Casino

Louisiana Casino License Holder Targets $250M Resort Near New Orleans


Posted on: February 3, 2021, 09:39h. 

Last updated on: February 3, 2021, 09:39h.

A company that owns a casino license in Bossier, City, Louisiana, wants to relocate to outside of New Orleans in Slidell.

Louisiana casino New Orleans Slidell
Brent Stevens, seen here in 2018, wants to take his Louisiana casino license from Bossier City to Slidell. The move has plenty of hurdles to overcome. (Image: AN17)

Peninsula Pacific Entertainment, stylized P2E, revealed plans on Monday to construct a $250 million casino resort in St. Tammany Parish. The targeted site is located north from New Orleans across Lake Pontchartrain. The 50-acre plot of land is adjacent to The Blind Tiger restaurant.

[The undeveloped acreage] is the best single casino development site that I’ve ever seen,” P2E CEO Brent Stevens told The New Orleans Advocate this week.

Steven said the location’s convenience to Interstate 10 and proximity to Lake Pontchartrain and the Lakeshore Marina make it attractive. The casino blueprint calls for a 250-room hotel. Other likely amenities, such as restaurants, retail shopping, spa, and meeting facilities, were not disclosed.

P2E, based in Los Angeles, was founded in 1999 as a holding company for Peninsula Gaming, a company led by Stevens until its sale to Boyd Gaming in 2012 for $1.45 billion. Peninsula’s current gaming portfolio includes the del Lago Casino in upstate New York, and Hard Rock Hotel & Casino Sioux City in Iowa.

Not Easy Outside Big Easy

Peninsula Pacific acquired Bossier City’s DiamondJacks Casino & Hotel in June of 2016. Stevens at the time said he was “extremely enthusiastic” to purchase the riverboat.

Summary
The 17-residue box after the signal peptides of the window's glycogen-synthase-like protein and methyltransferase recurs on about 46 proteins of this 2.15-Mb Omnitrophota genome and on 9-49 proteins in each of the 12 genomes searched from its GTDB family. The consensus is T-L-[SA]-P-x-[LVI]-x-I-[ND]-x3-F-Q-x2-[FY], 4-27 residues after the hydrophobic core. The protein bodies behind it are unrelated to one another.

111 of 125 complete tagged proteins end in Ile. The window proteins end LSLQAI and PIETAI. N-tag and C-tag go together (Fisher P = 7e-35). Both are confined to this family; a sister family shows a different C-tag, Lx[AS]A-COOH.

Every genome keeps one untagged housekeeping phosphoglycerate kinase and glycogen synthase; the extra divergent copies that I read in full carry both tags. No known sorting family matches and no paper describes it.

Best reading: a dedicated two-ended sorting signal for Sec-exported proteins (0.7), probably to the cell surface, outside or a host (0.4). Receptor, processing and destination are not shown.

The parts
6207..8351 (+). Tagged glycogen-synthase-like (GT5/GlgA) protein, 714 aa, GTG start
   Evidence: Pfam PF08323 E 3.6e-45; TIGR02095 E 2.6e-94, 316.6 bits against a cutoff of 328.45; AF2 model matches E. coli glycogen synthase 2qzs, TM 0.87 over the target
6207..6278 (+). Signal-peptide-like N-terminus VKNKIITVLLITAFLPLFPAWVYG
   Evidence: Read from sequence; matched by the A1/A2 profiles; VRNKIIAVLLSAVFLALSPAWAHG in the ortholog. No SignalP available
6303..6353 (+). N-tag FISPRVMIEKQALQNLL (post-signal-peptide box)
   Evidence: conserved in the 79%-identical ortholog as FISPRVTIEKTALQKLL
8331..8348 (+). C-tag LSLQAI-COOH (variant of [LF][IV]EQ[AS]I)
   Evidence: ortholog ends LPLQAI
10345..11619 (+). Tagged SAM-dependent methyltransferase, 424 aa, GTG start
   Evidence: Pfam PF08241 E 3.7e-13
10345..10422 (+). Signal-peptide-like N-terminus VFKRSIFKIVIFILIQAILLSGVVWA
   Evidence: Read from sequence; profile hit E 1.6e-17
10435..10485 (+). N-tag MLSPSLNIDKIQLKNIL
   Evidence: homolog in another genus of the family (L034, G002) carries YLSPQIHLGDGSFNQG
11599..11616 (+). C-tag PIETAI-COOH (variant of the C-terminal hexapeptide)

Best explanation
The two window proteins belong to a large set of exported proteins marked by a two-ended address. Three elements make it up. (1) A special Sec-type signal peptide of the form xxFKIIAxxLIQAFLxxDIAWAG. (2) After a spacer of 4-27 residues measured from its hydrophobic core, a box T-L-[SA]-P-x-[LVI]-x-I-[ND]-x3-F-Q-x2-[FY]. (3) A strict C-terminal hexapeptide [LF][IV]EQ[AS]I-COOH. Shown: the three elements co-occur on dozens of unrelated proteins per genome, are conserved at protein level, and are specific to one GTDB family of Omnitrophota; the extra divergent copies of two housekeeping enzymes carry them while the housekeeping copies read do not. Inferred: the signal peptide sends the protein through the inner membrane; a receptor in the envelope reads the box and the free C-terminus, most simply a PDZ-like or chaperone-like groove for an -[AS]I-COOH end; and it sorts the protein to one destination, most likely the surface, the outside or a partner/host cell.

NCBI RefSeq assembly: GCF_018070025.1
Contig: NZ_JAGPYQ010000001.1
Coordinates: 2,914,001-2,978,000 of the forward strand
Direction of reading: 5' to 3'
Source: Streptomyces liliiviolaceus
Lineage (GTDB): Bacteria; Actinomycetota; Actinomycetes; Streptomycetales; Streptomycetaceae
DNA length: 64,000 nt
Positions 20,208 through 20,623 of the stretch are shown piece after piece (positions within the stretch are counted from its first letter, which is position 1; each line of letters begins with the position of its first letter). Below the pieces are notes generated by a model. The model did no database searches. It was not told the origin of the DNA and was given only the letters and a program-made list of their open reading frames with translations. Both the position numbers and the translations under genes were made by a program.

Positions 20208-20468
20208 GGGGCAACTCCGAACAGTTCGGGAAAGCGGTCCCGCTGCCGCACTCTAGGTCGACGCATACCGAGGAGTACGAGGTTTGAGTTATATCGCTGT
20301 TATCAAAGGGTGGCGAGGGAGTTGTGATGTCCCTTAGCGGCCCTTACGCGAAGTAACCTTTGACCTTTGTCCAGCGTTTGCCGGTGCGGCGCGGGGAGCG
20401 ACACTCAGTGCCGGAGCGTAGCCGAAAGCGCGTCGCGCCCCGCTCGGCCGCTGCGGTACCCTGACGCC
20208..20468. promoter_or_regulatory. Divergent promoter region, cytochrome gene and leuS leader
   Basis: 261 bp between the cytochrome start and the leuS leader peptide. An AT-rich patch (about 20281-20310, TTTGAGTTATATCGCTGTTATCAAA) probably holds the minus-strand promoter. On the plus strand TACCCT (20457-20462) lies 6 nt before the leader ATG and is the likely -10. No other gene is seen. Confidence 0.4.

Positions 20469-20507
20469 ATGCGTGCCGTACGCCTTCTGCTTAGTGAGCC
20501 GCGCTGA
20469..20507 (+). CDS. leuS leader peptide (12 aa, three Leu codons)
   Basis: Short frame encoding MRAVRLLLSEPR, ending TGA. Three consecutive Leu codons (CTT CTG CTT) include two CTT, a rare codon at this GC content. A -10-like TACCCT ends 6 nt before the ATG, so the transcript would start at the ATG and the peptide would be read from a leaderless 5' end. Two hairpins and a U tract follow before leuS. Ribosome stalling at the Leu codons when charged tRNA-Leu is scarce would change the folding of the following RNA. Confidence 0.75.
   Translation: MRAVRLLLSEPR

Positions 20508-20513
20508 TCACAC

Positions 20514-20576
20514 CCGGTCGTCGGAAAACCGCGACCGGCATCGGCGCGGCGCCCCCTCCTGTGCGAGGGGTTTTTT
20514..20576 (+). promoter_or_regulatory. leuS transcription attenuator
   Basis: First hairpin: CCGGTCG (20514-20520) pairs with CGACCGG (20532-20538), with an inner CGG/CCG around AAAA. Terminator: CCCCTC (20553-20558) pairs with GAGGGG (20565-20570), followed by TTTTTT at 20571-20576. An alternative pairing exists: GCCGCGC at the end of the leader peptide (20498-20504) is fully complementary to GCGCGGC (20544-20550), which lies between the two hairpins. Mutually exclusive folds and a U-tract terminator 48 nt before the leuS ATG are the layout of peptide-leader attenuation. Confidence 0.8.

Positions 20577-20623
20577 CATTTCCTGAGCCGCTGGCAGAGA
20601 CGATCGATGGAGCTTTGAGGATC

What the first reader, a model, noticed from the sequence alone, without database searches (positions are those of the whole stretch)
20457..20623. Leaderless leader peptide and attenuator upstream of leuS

Less than four years later, P2E announced the permanent closure of DiamondJacks in May of 2020, COVID-19 cited for its fate. P2E hinted of its goals to take its casino permit, one of 15 in the state, to a more economically attractive area.

Rumors floated that locale would likely be in the southern portion of the state. Stevens confirmed the rumblings this week that an area closer to the Big Easy is where he’s most eager to build a new gaming property.

Relocating a Louisiana casino license is a complex endeavor. And in St. Tammany Parish, it’s one that could take years. State lawmakers would first need to pass legislation to put the issue before parish voters. If local residents back allowing a casino in their home region, the state Gaming Control Board would then need to sign off on the license move and associated development.

In 1996, St. Tammany Parish voters rejected casino gambling, 62 percent of the ballots cast against commercial gambling. But 25 years later, some believe locals are ready to welcome a casino resort.

“Times change, no matter what the issue is,” said St. Tammany Parish Council Chair Mike Lorino. “Maybe years ago, this project would have had an issue.”

Lorino is one of three local officials who has already expressed his support to allow voters to decide. The others are Parish President Mike Cooper and Slidell Mayor Greg Cromer.

Sports Betting Changing Gambling Attitudes

The Supreme Court’s rejection of the longstanding federal ban on sports betting in 2018 has led to more than 20 states legalizing the gambling activity. It’s also seemingly easing opposition to gambling in some areas.

The 1996 casino referendum in St. Tammany Parish was heavily opposed by community faith leaders. But last November, parish voters gave a much different position on a gaming issue.

Voters in all 64 Louisiana parishes were asked to weigh in on sports betting. In St. Tammany, 67 percent of the vote supported allowing people to gamble on sports.



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